Creating a Valuable Tool for Foster Youth…
You’re on a mission. You are preparing to age out of care. What does it take to get you from foster youth to adult? What resources are available to help with your transition? Who can help along the way? We will. We’ve collected information that will help guide you on this journey.
There are over 1,200 youth who age out of care in Ohio each year. A child placed in the custody of the state spends an average of 25 months in foster care, often moving multiple times. Foster youth can face many challenges – struggling with school, housing, employment, supportive adults, medical concerns – and the list goes on. The system is complex, the needs are real and the challenges are many for these young people.
What we need to see alongside these statistics are the faces, the many faces of the youth who deserve more. What we learned from listening to Adrian, Gabe, Vanessa, Cieria, Sarah and Kierra is that they need access to information. Developing their own understanding of their rights and responsibilities is imperative to empowering these young people as they transition to independence and adulthood.
Who We Are
Seeing the faces of youth and listening to them crystallized for a group of lawyers and judges affiliated with the Ohio State Bar Foundation to develop this Web site to support their mission to transition out of care.
We are the Public Children Services Association of Ohio (PCSAO) and the Ohio State Bar Foundation. We partnered on this important project to provide resources to foster youth in Ohio preparing to age out of care.
2007 Fellows Class of the Ohio State Bar Foundation
The Ohio State Bar Foundation (OSBF) is a 501(c)(3) public charity that works to advance the law and build a better justice system. The Fellows Class, comprised of volunteer attorneys and judges from around the state, singles out a legal issue each year and applies their collective expertise to find a solution.
The 2007 Fellows Class chose to support the foster youth who are preparing to age out of care in Ohio. They are faced with circumstances and situations that many other youth do not face. To be responsive to the needs of this population, the Fellows Class developed this Web site to address rights and responsibilities of foster youth in Ohio. In addition, it assembles a wide range of resources that could be helpful to foster youth. It is important that these youth be part of their life choices and be empowered to make informed decisions. The resource is also available to the adults who are part of their life journey. Knowledge is power.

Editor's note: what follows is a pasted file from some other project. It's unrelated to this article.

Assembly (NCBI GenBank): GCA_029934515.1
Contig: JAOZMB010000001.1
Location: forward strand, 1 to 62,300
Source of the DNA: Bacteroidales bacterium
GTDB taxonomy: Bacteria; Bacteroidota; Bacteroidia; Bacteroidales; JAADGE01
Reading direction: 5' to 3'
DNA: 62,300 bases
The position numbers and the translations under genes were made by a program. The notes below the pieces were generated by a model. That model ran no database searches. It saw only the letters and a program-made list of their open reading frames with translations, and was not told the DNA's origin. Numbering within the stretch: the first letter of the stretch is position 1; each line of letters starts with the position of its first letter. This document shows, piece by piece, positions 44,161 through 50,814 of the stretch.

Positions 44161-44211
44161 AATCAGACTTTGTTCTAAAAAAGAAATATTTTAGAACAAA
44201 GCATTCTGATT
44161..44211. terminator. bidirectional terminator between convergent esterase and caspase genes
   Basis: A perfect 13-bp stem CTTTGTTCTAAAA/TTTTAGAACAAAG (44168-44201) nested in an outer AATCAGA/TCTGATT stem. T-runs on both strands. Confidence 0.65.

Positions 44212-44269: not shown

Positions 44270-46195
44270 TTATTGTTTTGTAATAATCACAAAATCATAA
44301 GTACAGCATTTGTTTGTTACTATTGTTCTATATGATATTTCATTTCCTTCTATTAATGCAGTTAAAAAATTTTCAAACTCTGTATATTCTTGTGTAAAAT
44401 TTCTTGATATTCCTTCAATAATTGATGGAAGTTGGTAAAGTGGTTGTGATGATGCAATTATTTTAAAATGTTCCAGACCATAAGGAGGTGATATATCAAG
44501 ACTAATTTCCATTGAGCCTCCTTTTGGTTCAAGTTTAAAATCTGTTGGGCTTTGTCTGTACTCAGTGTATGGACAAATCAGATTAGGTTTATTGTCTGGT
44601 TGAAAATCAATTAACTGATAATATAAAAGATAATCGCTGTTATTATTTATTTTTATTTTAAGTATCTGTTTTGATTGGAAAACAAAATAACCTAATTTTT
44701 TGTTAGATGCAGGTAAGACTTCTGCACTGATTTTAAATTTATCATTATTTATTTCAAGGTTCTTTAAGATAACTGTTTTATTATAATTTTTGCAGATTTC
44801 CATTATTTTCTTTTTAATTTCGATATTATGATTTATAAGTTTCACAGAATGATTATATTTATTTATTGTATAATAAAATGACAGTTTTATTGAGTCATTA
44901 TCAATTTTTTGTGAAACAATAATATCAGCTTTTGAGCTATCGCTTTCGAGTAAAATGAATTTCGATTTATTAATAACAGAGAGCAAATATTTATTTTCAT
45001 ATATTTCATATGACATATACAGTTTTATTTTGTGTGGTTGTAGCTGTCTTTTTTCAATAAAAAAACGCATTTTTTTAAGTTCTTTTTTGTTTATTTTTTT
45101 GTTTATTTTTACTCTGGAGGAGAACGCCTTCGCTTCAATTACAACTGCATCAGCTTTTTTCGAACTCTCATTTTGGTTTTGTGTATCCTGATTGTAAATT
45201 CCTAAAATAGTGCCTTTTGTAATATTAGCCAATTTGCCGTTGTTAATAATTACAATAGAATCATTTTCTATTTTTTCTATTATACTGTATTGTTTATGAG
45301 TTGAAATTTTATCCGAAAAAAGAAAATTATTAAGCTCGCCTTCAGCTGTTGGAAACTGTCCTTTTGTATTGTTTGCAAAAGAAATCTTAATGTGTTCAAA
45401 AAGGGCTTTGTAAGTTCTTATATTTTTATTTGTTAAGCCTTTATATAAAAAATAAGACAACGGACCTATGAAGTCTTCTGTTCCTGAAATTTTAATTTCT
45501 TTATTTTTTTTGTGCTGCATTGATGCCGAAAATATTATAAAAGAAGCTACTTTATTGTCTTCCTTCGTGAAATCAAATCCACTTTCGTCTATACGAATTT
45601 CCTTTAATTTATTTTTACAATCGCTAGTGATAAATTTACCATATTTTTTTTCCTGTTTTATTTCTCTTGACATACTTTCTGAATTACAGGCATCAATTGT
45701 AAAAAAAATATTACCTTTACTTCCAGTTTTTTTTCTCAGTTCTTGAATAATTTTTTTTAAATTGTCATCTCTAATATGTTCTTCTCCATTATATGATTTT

Visit www.osbf.net to learn more about the Foundation’s grants, programs and other initiatives that support improvements in Ohio’s justice system.
Public Children Services Association of Ohio is a membership driven association serving Ohio’s 88 County Public Children Services Agencies through the support of program excellence and sound public policy for safe children, stable families and supportive communities. We do this through member dialogue, active sharing of information, building partnerships, research, training and technical assistance, and advocacy at the state and federal levels.
Since its inception in 1980, PCSAO has established itself as a leader in the child welfare community. Our organization is data driven and relies on research and best practices to advocate change in public policy. PCSAO, a progressive and proactive organization, has engaged in several initiatives including the following: establishing a system of uniform training made available to every social worker and supervisor employed by a county public children services agency; publishing the biennial Factbook, which provides critical data regarding Ohio’s children, families and the public children services agencies that serve them; and advocating at the state and federal levels for public policy, which better serves children and families. More information on PCSAO can be found at www.pcsao.org
Also part of PCSAO is the Overcoming Hurdles in Ohio Youth Advisory Board (OHIO YAB) is a statewide organization of young people (ages 14-23) who have experienced foster care. OHIO YAB exists to be the knowledgeable statewide voice that influences policies and practices that affect all youth who have or will experience out-of-home care, brings youth together on a statewide level regardless of race, sex, religion, creed, disability, sexual orientation or national origin, and provides exemplary leadership and empowerment opportunities for youth who have or will experience out-of-home care.
Visit www.pcsao.org/ohioyouth.htm for more information on how you can get involved.
The Casey Family Programs is the largest national operating foundation whose sole mission is to provide and improve—and ultimately prevent the need for—foster care. The foundation draws on more than 40 years of experience and expert research and analysis to improve the lives of children and youth in foster care in two important ways: by providing direct services and support to foster families, and by promoting improvements in child welfare practice and policy. The Seattle-based foundation was established in 1966 by UPS founder Jim Casey. Learn more at www.casey.org
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